By Miles Socha
with contributions from Ritu Upadhyay
 on August 28, 2016
Aheda Zanetti's Burkini swim suits.

PARIS — As beach vacations come to an end in France, so too ebbs the hysteria around the burkini.

On Friday, France’s highest administrative court ruled against a ban of the full-body swimsuit in Villeneuve-Loubet, one of more than 30 seaside towns that have imposed such decrees under the guise of protecting secularism and public order as France reels from a wave of terror attacks linked to Islamic State.

The Conseil d’État’s three judges said the ban “illegally breached fundamental freedoms.”

Michel Tubiana, honorary president of France’s Human Rights League, called it a victory, with the court coming down on the side of individual freedom and religious freedom.

He said the decision could set a precedent and topple other beach bans that have caused an international furor.

“Besides the ridiculous debate that has made France the laughingstock of the world, what is at stake here is the division of the nation by origin and religion of men and women who live in France,” the league said in a statement. “We reject this vision of France and we call women and men of this country to reject it.”

The rights league and an anti-Islamophobia association brought the case to the Conseil d’État, or Council of State, which is the final arbiter of cases relating to executive power, local authorities and any other agency invested with public authority.

Amnesty International applauded the decision.

“By overturning a discriminatory ban that is fueled by and is fueling prejudice and intolerance, today’s decision has drawn an important line in the sand,” said John Dalhuisen, Amnesty’s Europe director. “French authorities must now drop the pretense that these measures do anything to protect the rights of women. Rather, invasive and discriminatory measures such as these restrict women’s choices and are an assault on their freedoms of expression, religion and right to nondiscrimination.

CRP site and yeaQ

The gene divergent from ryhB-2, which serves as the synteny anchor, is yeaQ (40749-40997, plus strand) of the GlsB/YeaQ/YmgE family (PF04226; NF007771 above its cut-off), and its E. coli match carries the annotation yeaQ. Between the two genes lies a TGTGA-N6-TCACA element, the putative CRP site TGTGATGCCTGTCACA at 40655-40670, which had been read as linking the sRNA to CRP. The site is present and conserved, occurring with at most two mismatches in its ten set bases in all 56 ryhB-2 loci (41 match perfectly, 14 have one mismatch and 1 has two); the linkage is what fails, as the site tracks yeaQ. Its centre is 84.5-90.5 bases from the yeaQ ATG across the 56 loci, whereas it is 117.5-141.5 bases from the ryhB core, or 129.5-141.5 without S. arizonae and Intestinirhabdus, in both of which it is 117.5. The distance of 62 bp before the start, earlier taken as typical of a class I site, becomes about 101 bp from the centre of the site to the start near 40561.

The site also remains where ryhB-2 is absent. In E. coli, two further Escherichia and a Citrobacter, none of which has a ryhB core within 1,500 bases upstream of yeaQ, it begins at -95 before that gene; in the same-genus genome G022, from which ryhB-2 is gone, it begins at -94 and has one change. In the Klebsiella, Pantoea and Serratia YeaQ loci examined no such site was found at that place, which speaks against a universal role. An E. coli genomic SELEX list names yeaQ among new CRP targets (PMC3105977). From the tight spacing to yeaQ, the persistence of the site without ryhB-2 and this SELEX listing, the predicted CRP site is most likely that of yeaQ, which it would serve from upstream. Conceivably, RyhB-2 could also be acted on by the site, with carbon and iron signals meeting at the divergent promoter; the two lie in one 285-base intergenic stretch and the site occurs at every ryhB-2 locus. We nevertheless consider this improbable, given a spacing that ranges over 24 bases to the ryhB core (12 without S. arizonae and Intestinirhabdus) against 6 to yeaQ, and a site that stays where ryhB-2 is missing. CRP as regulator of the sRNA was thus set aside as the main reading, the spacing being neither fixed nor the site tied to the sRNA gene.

“These bans do nothing to increase public safety, but do a lot to promote public humiliation. Not only are they in themselves discriminatory, but as we have seen, the enforcement of these bans leads to abuses and the degrading treatment of Muslim women and girls,” he added, referring to news images of women disrobing on beaches in front of uniformed officers.

Rabia Zargarpur, a Dubai-based designer who markets modest fashions online, applauded the about-face on the burkini.

“I am thrilled. That is more like a country that stands for fundamental freedom,” she said. “I really hope that France starts treating its Muslim population as equal citizens. Just as everyone else in France is allowed to wear what they like in the name of fashion and freedom, they should allow women to dress modestly and wear the burkini or hijab if that is what they choose.”

The burkini ban has dominated newspapers amid the August doldrums, roiled and divided senior members of the Socialist government and become a political football as the country gears up for elections next year.

Prime Minister Manuel Valls backed the mayors, calling the burkini a symbol of the “enslavement of women.” On Friday, he said the debate — which encompasses questions of assimilation, secularism and French identity amid rising Muslim immigration — would continue, and he insisted the ban did not undermine individual freedoms.

According to an Ifop survey commissioned by Le Figaro newspaper, 64 percent of French people are in favor of the bans while another 30 percent are indifferent.

France has been grappling with dwindling tourism, especially in Paris, as terror fears, wet weather and a spate of strikes dented visitor numbers. The capital’s tourism body estimates it could lose $1.5 billion in revenues this year.

Some local authorities dubbed a burkini ban a necessity after a Bastille Day attack in which a truck driver plowed into crowds gathered on waterfront of Nice, leaving 86 dead.